As lakes drain, we must rethink water

Bridge Bay Resort on Lake Shasta, taken in June 24, 2015.
Bridge Bay Resort on Lake Shasta, taken in June 24, 2015. Andreas Fuhrmann/Record Searchlight

U.S. Bureau of Reclamation officials, who operate the Central Valley Project, relied on a faulty gauge in April and overestimated the amount of cold water behind Shasta Dam.

That error might seem trivial, but not in this fourth parched year of the drought. It is now cascading throughout the water system, making clearer than ever that Californians must rethink how water is used.

Federal and state officials are compensating for the “instrument calibration error” by drastically reducing the amount of Shasta water being released into the Sacramento River. The goal is to hold remaining cold water in California’s largest reservoir until the fall, so at least some salmon will spawn.

Cutting Shasta flows is, in turn, forcing water system operators to open spigots at Lake Oroville and Folsom Lake. That release protects local crops and water quality for the Central Valley and Southern California by preventing salt water from flowing too far into the Delta.

But by the end of this summer, Folsom reservoir, which holds 977,000 acre-feet, is expected to fall to 120,000 acre-feet, below last year’s historic low. Oroville, which holds 3.5 million acre-feet, will be at a quarter of its capacity.

Water system operators guarantee that public health and safety will remain paramount. But with summer barely underway, representatives of the 500,000 suburban Sacramento residents relying on Folsom Lake water aren’t so sanguine.

“We could be in danger if there is a miscalculation on the part of people who control the releases, and we’re extraordinarily concerned about that,” Folsom City Manager Evert Palmer said in an interview.

Meanwhile, to the south, the 2,500 landowners in the San Joaquin River Exchange Contractors Water Authority have fallowed more land this year than ever before, 40,000 acres. The authority is made up of four irrigation districts encompassing 240,000 acres in Fresno, Madera, Merced and Stanislaus counties. They planted crops based on a Bureau of Reclamation commitment that they’d receive 350,000 acre-feet of water this year, 40 percent of what would be a full allocation.

July is when the need to irrigate is greatest. But water system operators cannot transport water south of the Delta if they hope to preserve what remains of the Delta ecosystem. That leaves farmers who planted annual crops with an unhappy choice: further deplete aquifers by pumping groundwater, or let crops shrivel.

Farmers can skip a year of planting tomatoes or alfalfa, or even lose an annual crop and rebound next season. But many have made decisions that have hardened water demand.

In 2010, the San Joaquin River authority counted 23,962 acres planted in high-value fruit, nuts and vines. That was a 190 percent increase in permanent crops from 1995, the authority said.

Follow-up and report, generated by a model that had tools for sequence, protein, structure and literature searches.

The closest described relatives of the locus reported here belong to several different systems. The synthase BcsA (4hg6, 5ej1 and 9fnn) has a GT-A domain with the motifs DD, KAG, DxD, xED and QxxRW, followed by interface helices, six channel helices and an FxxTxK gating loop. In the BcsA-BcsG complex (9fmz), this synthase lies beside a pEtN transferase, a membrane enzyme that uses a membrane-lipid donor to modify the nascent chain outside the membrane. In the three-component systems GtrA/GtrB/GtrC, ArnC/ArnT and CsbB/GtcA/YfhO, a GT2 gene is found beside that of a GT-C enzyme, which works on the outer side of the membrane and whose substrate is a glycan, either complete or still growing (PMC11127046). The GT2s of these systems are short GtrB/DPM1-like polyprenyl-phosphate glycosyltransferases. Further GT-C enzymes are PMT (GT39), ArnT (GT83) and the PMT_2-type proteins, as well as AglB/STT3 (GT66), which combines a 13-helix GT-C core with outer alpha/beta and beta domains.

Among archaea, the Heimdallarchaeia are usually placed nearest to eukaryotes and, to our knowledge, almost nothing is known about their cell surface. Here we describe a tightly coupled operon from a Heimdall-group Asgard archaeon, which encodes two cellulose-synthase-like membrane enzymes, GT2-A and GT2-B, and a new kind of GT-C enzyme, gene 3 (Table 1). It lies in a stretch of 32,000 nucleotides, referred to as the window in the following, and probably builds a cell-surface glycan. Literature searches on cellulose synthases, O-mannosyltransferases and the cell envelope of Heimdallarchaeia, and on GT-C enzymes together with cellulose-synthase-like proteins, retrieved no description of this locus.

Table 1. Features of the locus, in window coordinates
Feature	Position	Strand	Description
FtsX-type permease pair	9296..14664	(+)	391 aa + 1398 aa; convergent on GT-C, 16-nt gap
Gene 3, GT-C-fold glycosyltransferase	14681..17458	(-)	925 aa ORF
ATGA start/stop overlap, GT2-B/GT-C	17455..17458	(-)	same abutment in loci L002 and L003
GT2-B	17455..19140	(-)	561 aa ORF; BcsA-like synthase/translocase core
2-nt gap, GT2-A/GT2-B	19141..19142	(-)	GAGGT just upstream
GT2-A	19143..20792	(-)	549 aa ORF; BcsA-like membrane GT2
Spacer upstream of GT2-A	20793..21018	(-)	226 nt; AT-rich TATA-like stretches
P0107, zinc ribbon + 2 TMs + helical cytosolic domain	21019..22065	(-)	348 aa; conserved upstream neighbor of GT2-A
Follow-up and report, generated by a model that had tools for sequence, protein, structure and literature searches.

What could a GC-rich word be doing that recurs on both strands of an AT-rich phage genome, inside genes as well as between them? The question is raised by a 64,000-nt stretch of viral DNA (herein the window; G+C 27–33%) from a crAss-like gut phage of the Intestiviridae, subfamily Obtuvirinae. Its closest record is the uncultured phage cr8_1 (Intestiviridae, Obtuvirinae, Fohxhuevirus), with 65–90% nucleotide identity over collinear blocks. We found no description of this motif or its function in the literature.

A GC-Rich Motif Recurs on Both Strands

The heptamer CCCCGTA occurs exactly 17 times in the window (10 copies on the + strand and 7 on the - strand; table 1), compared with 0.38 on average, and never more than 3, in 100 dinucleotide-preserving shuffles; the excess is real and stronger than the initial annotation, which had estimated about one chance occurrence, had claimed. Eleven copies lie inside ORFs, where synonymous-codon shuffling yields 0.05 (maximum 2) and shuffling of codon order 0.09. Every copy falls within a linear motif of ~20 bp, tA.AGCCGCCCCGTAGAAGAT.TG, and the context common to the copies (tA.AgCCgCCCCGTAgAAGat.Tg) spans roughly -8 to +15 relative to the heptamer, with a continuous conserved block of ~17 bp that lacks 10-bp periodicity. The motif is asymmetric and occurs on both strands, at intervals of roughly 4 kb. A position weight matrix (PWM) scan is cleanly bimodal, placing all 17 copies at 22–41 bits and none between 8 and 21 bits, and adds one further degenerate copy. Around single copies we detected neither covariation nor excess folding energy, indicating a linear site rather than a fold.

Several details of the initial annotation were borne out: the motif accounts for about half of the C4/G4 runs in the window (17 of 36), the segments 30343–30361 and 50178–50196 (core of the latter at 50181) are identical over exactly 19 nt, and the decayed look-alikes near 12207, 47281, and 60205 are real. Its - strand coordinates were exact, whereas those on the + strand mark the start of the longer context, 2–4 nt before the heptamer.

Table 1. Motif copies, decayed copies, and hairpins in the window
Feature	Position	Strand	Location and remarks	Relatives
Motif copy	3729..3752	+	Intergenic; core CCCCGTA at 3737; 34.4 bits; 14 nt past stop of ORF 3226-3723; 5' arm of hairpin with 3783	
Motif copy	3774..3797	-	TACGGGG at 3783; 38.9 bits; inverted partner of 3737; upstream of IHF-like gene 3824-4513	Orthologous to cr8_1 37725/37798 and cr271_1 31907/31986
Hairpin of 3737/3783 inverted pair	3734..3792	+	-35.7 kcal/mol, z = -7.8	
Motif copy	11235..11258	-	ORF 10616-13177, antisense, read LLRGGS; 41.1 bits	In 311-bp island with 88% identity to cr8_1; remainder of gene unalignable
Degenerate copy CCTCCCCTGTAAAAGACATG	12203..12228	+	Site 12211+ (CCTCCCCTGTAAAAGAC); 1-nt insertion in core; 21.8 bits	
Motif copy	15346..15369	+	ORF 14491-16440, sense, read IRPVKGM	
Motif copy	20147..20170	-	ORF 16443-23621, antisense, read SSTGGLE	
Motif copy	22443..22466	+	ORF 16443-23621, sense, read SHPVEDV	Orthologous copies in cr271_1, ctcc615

Now, 45,000 acres are planted in permanent crops, primarily almonds, walnuts, pistachios and pomegranates, Steve Chedester, the authority’s executive director, told a Sacramento Bee editorial board member. Without Central Valley Project water, growers will tap groundwater to save their trees.

California’s place as the producer of the nation’s fresh fruit, vegetables and nuts must be protected. But the system of water rights is flawed, as San Joaquin River authority farmers could attest. The authority has rights dating to before the turn of the 20th century, when California had fewer than 1.5 million residents.

With nearly 40 million of us now, competition for water will intensify, which should prompt farmers and policymakers to answer tough questions about where crops are planted, and how much water farmers can realistically expect.

Gov. Jerry Brown’s emergency orders to curtail water use don’t urge a building moratorium. Nor do we. But state and local leaders need to ensure that development doesn’t occur without water availability.

Five years ago, before the drought, the city of Folsom submitted an urban water management plan to the state Department of Water Resources, as is required by law. Like most municipalities, Folsom anticipated population growth. In its report, the city anticipated that water supply would remain flat, despite expected growth from 61,000 people in 2010 to 80,000 in 2020 and 105,000 in 2035.

Folsom is on a crash water diet, but also is intent on adding 10,000 housing units south of Highway 50 in the coming years. It’s not unique. Growth is planned in Sacramento, Natomas and across the state.

As population grows, California must do a better job of capturing runoff when rain falls. The state needs more storage, beneath the ground and possibly in a surface reservoir. The cheapest water is that which isn’t used; reuse and conservation are vital.

In this drought, water managers have no room for error. But gauges break. That mistake could turn out for the good, but only if it forces a more clear-eyed assessment of California’s future.